Encounters with Pleiades

Viewer interaction makes public art projects.

The LAWAS curatorial team has organised a series of events around the works Pleiades, Pagpamulak and Pusod.

The first collateral event happens on June 13, Wednesday 6PM at the Vargas Museum Grounds and CAL LawnEncounters is a piece by contemporary choreographer Ea Torrado.

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Daloy Dance Company, photo Sipat Productions

It developed around Agnes Arellano’s suite of goddess sculptures Dakini, Innana, Kali and Magdalene. The goddesses appear descended in a grove at the Diliman campus, strong verdigris forms amidst lush green growth.

Encounters explores dualities of human existence and is rooted in Ea Torrado’s exploration of dance as emancipatory ritual. In it, dancers descend into the depths of being with the body as channel for the divine. The encounter is coming together of corporal flesh and greater divinity.

LAWAS Torrado collateral poster 31 May

The dance performance is shaped by active energy and force, listening and rest, presence and song. The intervals are marked by dancers heeding the call of the goddesses and becoming like prophets conveying a holy secret. It reflects on human anxieties and the speed we careen towards greater progress or utter destruction.

Agnes Arellano’s goddesses remind us to be rooted – perhaps, that which we frantically seek is in all of us.

Choreographer Ea Torrado is the recipient of Alvin Erasga Tolentino Koryograpiya Award in 2014, Remedios De Oteyza Choreography Award in 2016 and Asian Cultural Council Grant in 2017. Her creations manifest in choreographies, film, installation, site-specific work, and improvisational performance. She is the Artistic Director of Daloy Dance Company.

Daloy Dance Company interweaves dance, theatre and improvisation to create daring and evocative contemporary dance. Since its establishment in 2014, Daloy has made waves in the Manila art scene with critically acclaimed and exceptionally varied body of work. With its strong collaborative thrust, the company has worked with notable visual artists in various museums and galleries in the Philippines, and has enjoyed diverse audiences and performed in a range of dance and art festivals locally and abroad in Japan, Thailand, Korea and USA.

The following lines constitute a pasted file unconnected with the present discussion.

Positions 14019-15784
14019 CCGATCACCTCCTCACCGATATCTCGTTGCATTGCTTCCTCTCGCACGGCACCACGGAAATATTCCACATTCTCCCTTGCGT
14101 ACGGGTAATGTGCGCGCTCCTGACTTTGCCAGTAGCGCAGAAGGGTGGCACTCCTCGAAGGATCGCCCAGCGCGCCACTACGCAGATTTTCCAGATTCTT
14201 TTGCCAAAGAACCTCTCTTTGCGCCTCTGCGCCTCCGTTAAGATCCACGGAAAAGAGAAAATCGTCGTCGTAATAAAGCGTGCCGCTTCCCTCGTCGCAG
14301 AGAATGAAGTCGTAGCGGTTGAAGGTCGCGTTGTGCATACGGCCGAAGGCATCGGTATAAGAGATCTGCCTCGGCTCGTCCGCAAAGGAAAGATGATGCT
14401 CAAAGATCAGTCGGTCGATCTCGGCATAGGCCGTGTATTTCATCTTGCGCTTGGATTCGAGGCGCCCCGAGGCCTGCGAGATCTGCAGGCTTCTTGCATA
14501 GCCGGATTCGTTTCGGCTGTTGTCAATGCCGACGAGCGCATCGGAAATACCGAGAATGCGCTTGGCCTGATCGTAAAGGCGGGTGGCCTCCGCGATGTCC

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Pagpamulak, Pleiades, and Pusod at the UP Diliman Grounds

We formally launched three art projects inside the Diliman campus yesterday.

Pagpamulak means ‘to blossom’. The work gathers white painted concrete body parts at the edge of the Sculpture Garden. The pieces make a playground, where we can climb a belly, see saw on a pussy, and rest on a penis. These pieces take from artist Lee Paje’s 2011 project where vagina shaped chocolates filled with rice wine were offered to audiences during an exhibition opening.

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Mark Justinian’s Pusod (navel) is at the UP Lagoon, a reflective disk during the day and a marvel of coloured reflections at night.

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Agnes Arellano’s goddesses Pleiades descend from the heavens, their ethereal forms render the grove otherworldly.

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LAWAS launch event April 11

LAWAS comprises three public art projects for the 2018 UP Diliman Festival of Culture and the Arts. Pleiades, Pusod and Pagpamulak explore the intricate process of dwelling the body. All three are located at visible and accessible areas inside the sprawling Diliman campus.

LAWAS banner 02 April

The intimate registers of the senses, faith and the sacred feminine, and play through vision are expressed in art pieces by Agnes Arellano, Mark Justiniani, and Lee Paje. They probe the limits of the body, often imagined a vessel or a contained space. How can art whether installation, sculpture, or site specific forms become extensions of the human body through experience? Art that incorporates multi-dimensionality in its engagement of body and space becomes a technological cipher by which the human form is reworked and imagined, beyond containment and towards amplification.

Artist Agnes Arellano gathers her goddesses in a grove. Pleiades are cast stone goddesses, four of seven of the open star cluster most visible to the naked eye. The works follow the artist’s lifelong search for the sacred feminine. Through them, she hopes to rekindle the age old values of nurturing, generosity, and compassion.

Lee Paje constructs a playground of intimate forms in her Pagpamulak project. It means ‘to blossom’ in the vernacular. It takes from a 2011 series where vagina-shaped chocolates were filled with tapuy or rice wine and were eaten during the exhibition. Viewers will be invited to not only sit and lie on but also play with the stylised sculptures that mimic the body’s intimate parts.

Mark Justiniani installs Pusod at the UP Lagoon. The reflective disk rests on earth and reflects the skies above. It is likened to an orbit in a frozen moment, a well of clouds becomes close to eye and touch during the day, while a deep crater is revealed at sun down. The structure is a navel, an invisible umbilical cord between the heaven and earth.

LAWAS is curated by UP Department of Art Studies faculty Tessa Maria Guazon and Cecilia De la Paz. The works will be publicly launched11 April 2018 and will be on view until end August 2018. A series of events will be organized during June, July and August.